It’s Not a Polar Vortex Not Even Close


There’s been a few headlines lately about the potential of some much cooler air gracing us next week. Some have called it a Polar Vortex, others call it a cold spell. Either way, it likely won’t feel like July next week, especially around the Great Lakes.

Though there is resemblance to this past winter’s brutally cold weather pattern, a deep pool of cool air from the Gulf of Alaska will plunge into the Great Lakes early next week  dropping temperatures as much as 15 degrees cooler than normal.

But, to call the pending cold snap a Polar Vortex might be a bit of a stretch according to meteorologist Larry Cosgrove  “Poor wording combined with misunderstanding of the term make a mockery out of synoptic meteorology.”

Cosgrove, an energy meteorologist based in the U.S. wrote on his facebook page, that air mass doesn’t meet the “polar vortex” standard – its pressure isn’t low enough and the air isn’t sufficiently cold and truly Arctic in origin (i.e. not below freezing at 5,000 feet). “[On] 2 counts we fail to reach the standard for calling such an upper low a vortex”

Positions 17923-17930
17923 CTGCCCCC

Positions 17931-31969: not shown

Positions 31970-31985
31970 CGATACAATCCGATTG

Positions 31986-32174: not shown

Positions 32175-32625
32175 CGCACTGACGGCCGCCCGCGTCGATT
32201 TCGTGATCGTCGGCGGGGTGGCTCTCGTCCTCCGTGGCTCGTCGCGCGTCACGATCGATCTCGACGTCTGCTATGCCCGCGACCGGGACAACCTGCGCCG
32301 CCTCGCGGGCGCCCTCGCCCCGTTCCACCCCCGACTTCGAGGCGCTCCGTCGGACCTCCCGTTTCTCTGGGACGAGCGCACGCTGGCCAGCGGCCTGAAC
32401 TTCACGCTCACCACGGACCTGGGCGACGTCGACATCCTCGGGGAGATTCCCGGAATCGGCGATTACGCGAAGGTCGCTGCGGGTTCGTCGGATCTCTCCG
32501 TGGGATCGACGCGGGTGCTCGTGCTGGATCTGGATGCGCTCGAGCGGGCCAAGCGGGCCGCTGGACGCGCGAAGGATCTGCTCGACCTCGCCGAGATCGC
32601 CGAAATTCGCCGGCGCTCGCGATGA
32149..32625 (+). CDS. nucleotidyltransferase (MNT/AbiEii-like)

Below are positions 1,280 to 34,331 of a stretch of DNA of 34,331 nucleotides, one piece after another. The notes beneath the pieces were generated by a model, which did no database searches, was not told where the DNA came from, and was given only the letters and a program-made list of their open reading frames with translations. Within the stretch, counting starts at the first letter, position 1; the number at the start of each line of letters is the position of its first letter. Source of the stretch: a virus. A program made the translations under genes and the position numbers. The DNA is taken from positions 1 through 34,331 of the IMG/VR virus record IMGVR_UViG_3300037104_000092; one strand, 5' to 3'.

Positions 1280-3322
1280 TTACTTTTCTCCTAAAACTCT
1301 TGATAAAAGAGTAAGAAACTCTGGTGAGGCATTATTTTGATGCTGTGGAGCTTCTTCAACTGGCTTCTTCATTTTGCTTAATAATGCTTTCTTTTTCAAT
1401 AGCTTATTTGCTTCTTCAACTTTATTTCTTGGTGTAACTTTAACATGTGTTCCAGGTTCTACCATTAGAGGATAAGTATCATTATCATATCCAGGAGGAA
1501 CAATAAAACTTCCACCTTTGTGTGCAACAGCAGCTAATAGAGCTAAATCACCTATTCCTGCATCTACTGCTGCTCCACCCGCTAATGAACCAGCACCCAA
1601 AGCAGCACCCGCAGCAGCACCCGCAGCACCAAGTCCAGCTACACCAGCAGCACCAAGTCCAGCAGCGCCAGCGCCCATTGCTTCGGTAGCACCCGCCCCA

Normal temperatures for Sault Ste. Marie for mid July falls in the mid 20’s , temperatures will dip only for a few days to the mid teens before rebounding to almost normal levels by the end of next week according to long range forecasts with chances of showers for most of the week. So yes, it will be chillier than normal, but after the winter we all experienced, I think we can handle it.